One day my brother was on his way from hanging out with other street kids, to the Sanford Fleming building at the University, where he was to meet me on pay day.  We were going to celebrate payday by doing to McDonald’s for dinner.  He took the same short-cut he usually did, through a long alley way just off Yonge Street.  He passed the same garages, the same garbage cans, the same fences as he always did, but for some reason, today, he had an impulse to climb into the narrow space between a telephone pole and a fence, and then look up along the height of the telephone pole.  To his surprise, tacked there on the telephone pole, far above the height of his reach, was a bright blue flyer.   “Why on earth would someone deliberately tack a flyer where it could not normally be seen?”   The only way it could possibly be seen would be to wedge oneself between the pole and the fence and look up, exactly as my brother had inexplicably done.  The poster was too high for him to read or reach, so he left, wondering about it, and then forgot about it.

A few weeks later my brother was taking that same route again, when he remembered the curious flyer.  Again he wedged himself between that telephone pole and the fence, and looked.  Still there.  Of course, why would it not, since it was too high to reach, and completely out of sight anyway.

This time, on meeting me, my brother pleaded with me to come with him, because he wanted to show me something strange, though he wouldn’t tell me what.  He thought I wouldn’t come if I knew it was just to look at some dumb flyer tacked to a telephone pole.  He told me to wedge myself against the fence as he had done, and then he said “Ok, now look up.”  At first I was looking at the sky, not knowing what he meant, and then I too noticed the weird bright blue poster deliberately tacked out of sight, and out of reach.  “Why would someone do that?” I asked my brother.  “How would I know?  I was wondering the same thing,” he replied.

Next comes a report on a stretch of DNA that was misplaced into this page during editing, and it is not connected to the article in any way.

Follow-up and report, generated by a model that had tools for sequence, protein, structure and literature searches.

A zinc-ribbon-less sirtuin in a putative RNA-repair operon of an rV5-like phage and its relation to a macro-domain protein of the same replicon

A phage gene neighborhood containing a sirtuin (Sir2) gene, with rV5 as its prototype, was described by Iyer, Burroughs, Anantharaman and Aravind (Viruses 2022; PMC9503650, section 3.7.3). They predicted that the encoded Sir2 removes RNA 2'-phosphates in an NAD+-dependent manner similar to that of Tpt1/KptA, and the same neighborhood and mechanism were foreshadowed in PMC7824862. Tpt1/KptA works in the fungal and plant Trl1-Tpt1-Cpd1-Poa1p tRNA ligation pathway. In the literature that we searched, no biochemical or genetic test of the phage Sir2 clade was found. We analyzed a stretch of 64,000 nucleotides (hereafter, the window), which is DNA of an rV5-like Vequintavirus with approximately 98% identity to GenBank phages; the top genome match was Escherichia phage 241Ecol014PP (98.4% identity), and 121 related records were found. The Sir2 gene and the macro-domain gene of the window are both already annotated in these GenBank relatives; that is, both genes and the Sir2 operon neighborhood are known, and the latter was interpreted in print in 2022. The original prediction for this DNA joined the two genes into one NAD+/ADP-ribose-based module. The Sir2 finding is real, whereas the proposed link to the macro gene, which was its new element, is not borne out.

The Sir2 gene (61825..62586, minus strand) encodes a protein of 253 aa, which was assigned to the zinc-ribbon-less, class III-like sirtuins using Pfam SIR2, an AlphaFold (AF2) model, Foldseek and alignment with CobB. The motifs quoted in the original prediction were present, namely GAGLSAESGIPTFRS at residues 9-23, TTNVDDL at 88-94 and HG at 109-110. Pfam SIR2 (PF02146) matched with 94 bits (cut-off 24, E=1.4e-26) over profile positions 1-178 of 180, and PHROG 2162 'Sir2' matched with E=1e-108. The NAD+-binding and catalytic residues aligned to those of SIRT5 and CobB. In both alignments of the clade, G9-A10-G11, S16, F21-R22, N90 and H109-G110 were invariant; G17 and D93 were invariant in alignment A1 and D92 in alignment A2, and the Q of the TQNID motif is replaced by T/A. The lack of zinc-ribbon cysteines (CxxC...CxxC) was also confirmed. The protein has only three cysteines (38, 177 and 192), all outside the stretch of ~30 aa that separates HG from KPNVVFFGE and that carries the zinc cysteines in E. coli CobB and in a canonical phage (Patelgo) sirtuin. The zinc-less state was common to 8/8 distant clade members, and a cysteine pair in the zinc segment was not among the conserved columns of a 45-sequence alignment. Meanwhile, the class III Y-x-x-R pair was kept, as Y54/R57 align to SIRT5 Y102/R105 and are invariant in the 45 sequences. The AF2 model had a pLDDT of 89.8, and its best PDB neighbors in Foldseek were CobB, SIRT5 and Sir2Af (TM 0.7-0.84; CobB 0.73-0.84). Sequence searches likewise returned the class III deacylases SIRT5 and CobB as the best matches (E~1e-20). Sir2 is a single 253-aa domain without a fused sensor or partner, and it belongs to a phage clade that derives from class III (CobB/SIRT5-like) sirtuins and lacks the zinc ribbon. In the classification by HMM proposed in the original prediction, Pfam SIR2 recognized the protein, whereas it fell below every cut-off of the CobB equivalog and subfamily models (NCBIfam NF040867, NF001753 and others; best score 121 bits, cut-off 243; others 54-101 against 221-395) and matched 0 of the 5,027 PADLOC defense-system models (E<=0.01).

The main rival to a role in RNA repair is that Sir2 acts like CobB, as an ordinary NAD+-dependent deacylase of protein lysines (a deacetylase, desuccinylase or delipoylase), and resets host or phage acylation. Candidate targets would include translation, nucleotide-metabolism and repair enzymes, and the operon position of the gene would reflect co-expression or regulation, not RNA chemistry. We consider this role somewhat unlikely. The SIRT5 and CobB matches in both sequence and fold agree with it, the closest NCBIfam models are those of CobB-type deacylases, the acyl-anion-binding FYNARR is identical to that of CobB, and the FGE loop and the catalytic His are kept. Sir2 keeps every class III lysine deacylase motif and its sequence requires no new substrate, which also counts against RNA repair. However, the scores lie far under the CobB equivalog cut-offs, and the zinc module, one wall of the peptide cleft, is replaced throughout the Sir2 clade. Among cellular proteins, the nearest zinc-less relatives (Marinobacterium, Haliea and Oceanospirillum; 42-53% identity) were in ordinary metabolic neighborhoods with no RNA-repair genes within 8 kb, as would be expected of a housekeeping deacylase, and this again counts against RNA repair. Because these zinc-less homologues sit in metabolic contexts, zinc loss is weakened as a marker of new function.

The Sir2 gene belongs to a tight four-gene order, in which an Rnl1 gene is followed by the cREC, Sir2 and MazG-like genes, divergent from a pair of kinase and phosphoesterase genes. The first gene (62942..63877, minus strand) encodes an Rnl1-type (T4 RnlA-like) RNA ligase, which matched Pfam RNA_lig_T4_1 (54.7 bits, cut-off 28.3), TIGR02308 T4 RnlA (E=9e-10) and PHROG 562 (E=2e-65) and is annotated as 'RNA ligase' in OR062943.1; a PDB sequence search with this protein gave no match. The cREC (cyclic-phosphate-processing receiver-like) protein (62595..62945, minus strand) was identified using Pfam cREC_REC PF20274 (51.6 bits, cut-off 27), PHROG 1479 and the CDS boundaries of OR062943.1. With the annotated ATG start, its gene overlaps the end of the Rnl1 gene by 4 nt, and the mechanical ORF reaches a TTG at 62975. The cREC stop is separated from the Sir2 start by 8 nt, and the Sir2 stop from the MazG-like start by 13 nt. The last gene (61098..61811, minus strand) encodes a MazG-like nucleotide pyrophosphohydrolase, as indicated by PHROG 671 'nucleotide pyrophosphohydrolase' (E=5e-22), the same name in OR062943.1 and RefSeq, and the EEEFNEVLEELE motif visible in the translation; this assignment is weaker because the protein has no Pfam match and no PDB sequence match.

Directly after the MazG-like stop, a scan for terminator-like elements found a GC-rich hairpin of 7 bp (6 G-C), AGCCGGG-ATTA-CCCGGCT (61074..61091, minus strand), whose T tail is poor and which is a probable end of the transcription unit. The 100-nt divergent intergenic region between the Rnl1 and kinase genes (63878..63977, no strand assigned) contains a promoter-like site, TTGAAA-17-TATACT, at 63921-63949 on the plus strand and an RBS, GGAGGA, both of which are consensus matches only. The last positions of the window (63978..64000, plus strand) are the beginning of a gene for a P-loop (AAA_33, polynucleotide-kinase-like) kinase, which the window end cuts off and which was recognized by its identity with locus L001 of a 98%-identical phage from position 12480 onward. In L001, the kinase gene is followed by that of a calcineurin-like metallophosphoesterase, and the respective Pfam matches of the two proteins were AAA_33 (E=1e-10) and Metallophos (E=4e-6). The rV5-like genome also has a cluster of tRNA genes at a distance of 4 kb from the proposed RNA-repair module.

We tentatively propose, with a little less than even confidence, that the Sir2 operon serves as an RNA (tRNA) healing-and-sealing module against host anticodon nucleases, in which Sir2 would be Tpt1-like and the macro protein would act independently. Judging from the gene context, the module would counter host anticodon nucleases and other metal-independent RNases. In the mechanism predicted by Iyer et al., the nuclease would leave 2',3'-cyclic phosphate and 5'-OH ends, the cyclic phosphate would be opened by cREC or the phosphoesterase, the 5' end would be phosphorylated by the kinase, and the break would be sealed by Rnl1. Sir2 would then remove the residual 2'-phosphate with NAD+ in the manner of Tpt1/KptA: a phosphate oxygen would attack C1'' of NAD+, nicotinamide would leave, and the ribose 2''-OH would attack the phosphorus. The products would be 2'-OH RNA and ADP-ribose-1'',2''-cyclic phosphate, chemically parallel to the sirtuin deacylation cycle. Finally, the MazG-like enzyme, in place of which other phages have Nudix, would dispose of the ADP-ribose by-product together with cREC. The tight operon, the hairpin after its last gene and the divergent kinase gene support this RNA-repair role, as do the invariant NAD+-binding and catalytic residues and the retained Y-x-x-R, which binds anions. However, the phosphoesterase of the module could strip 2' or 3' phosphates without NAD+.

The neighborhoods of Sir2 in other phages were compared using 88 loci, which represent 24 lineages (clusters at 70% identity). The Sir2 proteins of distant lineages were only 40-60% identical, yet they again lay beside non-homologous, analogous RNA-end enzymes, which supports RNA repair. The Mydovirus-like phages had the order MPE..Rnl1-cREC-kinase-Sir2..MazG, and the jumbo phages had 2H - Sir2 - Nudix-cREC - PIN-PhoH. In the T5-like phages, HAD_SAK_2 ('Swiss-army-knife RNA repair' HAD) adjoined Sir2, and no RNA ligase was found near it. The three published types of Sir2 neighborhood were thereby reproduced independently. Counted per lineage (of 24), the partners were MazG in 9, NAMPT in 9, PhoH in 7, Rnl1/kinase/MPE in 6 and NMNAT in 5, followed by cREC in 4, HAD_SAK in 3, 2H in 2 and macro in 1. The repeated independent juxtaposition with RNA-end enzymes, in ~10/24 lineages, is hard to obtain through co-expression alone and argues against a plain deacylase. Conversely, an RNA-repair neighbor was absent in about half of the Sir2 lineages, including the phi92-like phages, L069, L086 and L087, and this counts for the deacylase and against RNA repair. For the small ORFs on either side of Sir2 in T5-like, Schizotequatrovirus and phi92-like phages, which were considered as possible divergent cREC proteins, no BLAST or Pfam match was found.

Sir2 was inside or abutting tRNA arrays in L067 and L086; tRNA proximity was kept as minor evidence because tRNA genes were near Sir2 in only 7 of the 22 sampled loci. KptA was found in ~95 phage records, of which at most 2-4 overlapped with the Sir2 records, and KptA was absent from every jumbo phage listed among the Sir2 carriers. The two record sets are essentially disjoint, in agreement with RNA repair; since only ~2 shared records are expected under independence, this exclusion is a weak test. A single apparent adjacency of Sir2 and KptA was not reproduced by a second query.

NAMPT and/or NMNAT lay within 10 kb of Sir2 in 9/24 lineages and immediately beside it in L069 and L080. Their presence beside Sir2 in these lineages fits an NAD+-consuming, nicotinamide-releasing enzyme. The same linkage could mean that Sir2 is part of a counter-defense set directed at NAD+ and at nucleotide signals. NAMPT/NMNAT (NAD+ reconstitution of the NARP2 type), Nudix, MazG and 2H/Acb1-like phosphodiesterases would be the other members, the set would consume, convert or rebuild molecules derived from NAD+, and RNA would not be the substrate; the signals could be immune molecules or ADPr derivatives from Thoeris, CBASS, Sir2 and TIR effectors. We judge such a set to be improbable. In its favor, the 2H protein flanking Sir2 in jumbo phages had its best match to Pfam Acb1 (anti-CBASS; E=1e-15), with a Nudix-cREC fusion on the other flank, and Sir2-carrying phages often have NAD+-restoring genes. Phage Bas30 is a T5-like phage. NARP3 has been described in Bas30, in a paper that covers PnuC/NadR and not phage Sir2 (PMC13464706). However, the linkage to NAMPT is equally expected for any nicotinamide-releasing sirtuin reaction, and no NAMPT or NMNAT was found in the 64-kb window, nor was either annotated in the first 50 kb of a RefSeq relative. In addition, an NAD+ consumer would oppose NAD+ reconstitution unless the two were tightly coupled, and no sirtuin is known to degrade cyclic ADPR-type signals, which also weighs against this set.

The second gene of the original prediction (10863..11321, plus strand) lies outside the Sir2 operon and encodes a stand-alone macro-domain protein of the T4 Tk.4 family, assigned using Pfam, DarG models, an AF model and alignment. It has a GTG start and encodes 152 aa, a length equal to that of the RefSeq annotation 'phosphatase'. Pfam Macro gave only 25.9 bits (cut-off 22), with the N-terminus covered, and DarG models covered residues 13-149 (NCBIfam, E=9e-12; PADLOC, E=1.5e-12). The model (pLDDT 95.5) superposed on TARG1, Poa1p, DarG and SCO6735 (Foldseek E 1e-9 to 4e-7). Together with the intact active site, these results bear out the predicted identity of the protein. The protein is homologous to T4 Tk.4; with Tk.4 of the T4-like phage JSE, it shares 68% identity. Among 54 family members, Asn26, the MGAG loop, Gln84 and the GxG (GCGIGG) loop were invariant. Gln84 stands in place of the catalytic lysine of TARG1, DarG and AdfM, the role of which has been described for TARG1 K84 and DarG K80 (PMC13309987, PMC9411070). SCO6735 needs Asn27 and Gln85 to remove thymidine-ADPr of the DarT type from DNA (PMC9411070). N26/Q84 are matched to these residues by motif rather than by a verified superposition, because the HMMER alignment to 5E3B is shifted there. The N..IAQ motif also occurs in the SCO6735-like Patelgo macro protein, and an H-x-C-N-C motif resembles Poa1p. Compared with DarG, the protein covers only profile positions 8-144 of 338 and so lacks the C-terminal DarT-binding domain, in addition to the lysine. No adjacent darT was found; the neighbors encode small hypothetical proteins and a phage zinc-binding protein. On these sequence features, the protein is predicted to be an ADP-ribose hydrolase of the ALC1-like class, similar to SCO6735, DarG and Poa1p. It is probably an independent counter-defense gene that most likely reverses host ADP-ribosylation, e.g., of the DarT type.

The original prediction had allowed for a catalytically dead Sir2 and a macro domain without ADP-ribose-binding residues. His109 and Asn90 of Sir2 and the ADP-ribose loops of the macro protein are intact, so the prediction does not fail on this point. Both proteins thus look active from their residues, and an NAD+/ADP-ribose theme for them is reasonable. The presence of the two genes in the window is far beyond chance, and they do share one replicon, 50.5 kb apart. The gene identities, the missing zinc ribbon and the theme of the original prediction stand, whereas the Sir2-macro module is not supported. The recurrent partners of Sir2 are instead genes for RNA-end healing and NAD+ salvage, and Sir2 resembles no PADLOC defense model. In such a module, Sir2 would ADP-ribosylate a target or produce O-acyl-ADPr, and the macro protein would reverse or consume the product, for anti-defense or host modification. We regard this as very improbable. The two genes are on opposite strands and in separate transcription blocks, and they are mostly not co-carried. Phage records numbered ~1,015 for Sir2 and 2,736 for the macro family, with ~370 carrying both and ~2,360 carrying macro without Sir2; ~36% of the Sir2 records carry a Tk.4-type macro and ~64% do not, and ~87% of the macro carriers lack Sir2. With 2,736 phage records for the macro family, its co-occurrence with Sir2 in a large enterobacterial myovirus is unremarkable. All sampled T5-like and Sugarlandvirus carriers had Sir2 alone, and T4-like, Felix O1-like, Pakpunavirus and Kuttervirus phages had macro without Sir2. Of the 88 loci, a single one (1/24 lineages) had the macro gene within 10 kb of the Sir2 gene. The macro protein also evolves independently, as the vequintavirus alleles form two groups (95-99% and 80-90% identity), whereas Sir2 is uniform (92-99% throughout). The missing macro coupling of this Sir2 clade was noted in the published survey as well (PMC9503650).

I asked my brother to crouch and provide a foot-hold, so that I could climb on top of the fence.  Doing so, I was now within reach of the poster, which I tore off the pole.  Jumping down, we stared at it with excited curiosity at first, and then with a sense of weird apprehension.  The poster said that it was from a group of people that meet each full moon specifically to help people in need.  It said that those in need could receive this help either by writing to a post office box, or by concentrating on the image of the full moon, any month on the night of the full moon.  We both wondered why an advertisement like this would be deliberately placed where it couldn’t be seen.  But then, we had seen it, hadn’t we?  On the night of the next full moon, my brother and I sat quietly, focusing on the image of the full moon, praying in our minds that he might find a job.

The next afternoon, my brother was rushing up Yonge street, just about past Charles Ave., on his way for a meeting with friends, for which he was already late.  As he passed what was then the flagship Coles bookstore, a man with a European accent ran out the front door of the bookstore and literally grabbed my brother by the arm.  The man apologized, and begged my brother for a few moments of his time.  He explained to my brother that they’d just gotten a huge shipment of books and were opening the next day, and needed help stocking the shelves.  The man said he would pay handsomely for my brother’s time, if he would only please help.

Ok., just hours ago, we were doing as this weird poster said: praying to the full moon, asking that my brother find a job. Now someone had literally grabbed him by the arm, and begged him to take a job.  Wow. 

That couple of hours helping out turned into a steady part-time job for my brother.  One of his co-workers at that store was Geoffrey, a young man from New York City.  My brother used to see Geoffrey taking his lunch hour and coffee breaks by sitting alone in a small room in the basement, “meditating” as he put it (though my brother often saw him nod off into a snore).  One day Geoffrey was talking to an older man about an occult subject that my brother and I happened to be reading about the very night before.  My brother surprised them both by chiming in on the conversation, holding his own with knowledge of the particular topic.  More conversations like this eventually led to Geoffrey’s explaining that he belonged to a meditation group, and that my brother and I would be welcome to try to meet his teacher, if we would write a statement about why we wanted to join such a group and learn meditation.  After so writing, our applications would be reviewed by existing members, and a decision would be made as to whether or not we would be invited.  That night we wrote, and my brother gave our letters to Geoffrey and a week later we were invited to meet his teacher.  It was explained to us that while the group normally did not accept members of such a young age, we were accepted because we had specifically mentioned in our desire to learn meditation, the desire to help others in need.